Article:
Lately, I’ve been leading a client project where colleagues around the world are coming to the U.S. for the first time. It’s been interesting to hear what they want to do during the week or two that they’re in the U.S.
Here’s a few of the interesting requests from these first-time visitors:
- Eat at Taco Bell, IHOP, and Subway.
- Meet a real cowboy.
- Go shopping. While this is a common request from visitors from all the countries that I am with, I’m most perplexed by the visitors who are from China making this request. Chances are very high that they will be buying items labeled “Made in China.” Can’t they be found less expensive in China, maybe at their version of a factory outlet mall?
- Meet a ‘CHiPS’ police officer on a motorcycle.
- Go through a drive-through anything (yes, not all countries have drive-through fast-food restaurants or banks or churches).
Some of these may seem silly, especially when you think of someone traveling thousands of miles just to eat at Taco Bell or Subway. Really? Is that on any of your lists of top things to do for people visiting the U.S.?
Before I chuckle too much at people wanting to eat good ol’ American fast food and meet a modern-day John Wayne, I thought it would be interesting to think about what we’d want to experience if we go another country – not the typical “1,000 Things To Do Before You Die,” but local foods, stores or events that we wouldn’t want to miss.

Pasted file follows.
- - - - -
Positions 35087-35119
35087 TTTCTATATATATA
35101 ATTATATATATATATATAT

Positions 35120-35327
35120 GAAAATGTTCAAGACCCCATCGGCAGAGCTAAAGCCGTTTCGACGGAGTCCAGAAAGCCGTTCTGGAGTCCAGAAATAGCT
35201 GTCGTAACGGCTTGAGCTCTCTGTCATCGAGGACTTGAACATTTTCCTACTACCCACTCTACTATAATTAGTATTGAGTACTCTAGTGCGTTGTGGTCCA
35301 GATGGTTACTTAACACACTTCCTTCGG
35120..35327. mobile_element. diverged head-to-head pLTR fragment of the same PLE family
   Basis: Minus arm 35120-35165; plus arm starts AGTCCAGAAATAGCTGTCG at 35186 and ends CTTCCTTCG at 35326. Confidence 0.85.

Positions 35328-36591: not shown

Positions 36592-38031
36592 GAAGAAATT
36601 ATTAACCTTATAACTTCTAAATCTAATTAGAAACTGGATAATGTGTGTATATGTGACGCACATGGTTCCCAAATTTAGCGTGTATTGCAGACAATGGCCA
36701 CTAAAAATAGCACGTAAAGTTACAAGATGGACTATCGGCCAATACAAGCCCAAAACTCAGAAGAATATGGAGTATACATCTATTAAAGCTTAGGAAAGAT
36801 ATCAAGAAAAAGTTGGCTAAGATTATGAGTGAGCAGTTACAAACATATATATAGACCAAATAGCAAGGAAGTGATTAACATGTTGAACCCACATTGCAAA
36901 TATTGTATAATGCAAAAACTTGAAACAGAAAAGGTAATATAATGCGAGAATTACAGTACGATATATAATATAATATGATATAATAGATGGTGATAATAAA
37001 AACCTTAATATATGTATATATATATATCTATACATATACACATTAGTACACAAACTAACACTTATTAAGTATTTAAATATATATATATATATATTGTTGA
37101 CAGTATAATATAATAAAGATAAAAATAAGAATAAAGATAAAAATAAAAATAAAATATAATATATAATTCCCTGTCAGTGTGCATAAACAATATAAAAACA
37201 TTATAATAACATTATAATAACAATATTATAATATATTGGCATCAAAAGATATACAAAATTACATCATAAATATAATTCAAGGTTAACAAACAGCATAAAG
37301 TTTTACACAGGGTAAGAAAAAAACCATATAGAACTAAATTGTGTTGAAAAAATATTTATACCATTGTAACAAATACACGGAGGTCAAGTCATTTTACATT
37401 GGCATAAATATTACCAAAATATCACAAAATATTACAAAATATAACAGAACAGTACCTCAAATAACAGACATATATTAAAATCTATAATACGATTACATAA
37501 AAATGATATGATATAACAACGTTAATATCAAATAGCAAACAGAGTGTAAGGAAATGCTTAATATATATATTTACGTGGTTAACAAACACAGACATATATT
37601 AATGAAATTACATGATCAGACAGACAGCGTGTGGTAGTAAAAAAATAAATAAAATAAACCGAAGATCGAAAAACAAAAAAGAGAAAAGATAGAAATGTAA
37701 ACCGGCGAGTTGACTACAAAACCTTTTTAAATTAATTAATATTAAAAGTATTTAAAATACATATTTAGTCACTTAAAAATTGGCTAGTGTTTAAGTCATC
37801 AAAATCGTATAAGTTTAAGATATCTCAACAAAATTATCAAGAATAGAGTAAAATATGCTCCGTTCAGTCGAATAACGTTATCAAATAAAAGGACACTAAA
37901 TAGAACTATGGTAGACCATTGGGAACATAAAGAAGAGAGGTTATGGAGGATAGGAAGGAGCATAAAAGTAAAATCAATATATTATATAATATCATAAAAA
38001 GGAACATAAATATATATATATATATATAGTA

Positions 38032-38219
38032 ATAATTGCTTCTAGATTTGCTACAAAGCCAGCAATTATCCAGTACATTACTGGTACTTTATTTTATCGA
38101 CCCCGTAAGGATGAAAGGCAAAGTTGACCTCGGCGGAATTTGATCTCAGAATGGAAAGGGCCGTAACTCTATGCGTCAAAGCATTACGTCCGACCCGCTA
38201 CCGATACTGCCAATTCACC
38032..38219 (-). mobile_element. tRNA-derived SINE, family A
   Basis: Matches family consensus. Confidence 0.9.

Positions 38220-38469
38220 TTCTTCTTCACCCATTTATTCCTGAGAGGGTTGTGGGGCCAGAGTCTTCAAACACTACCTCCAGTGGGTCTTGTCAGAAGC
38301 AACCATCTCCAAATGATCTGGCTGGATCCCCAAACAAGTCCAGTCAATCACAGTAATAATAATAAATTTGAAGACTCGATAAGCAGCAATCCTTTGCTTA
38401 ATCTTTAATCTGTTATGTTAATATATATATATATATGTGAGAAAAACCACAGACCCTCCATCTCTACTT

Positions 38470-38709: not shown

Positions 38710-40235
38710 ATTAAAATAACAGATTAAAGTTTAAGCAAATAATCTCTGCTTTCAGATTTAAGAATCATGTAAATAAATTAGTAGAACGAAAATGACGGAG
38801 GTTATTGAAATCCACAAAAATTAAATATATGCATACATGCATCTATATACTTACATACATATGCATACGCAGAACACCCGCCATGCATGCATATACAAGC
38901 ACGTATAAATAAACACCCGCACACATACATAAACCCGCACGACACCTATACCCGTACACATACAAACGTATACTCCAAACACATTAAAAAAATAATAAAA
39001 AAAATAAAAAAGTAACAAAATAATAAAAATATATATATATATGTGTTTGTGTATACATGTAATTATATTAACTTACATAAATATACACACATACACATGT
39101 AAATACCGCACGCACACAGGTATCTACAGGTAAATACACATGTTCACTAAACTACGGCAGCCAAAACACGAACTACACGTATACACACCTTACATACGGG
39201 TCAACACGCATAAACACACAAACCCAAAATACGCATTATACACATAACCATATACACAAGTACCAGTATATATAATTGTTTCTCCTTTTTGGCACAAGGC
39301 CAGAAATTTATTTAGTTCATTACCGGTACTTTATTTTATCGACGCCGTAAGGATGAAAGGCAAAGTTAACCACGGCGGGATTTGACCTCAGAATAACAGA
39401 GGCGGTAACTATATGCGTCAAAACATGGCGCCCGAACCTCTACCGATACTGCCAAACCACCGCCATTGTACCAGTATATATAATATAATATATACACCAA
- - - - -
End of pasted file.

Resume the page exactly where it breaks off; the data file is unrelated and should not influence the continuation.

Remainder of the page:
For Example: I wanted to experience a Deep Fried Mars Bar in Scotland, walking the streets of Paris with French baguettes in white paper bags sticking out of my canvas bag, and High Tea at Harrod’s in London, and I’ve now done all these things. Other things on my list: Go shopping in a food market in Italy (and stay in a place where I can do my own cooking), eat off a street cart in China and take a photo of a restaurant menu (from anywhere outside the U.S.) that offers bugs on their menu. On this last item, note that I said just ‘take a photo’ vs. actually eat the bugs. Eating bugs is nowhere on my list of things to do.
While the things on our to-do lists may raise an eyebrow to the locals, just as the visit to Taco Bell elicits a “You’re kidding!” response from an American, it’s often these small things that give us the most enjoyment in our travels.
So what’s on your list of non-top-tourist things for your international travels that you won’t be happy unless you do?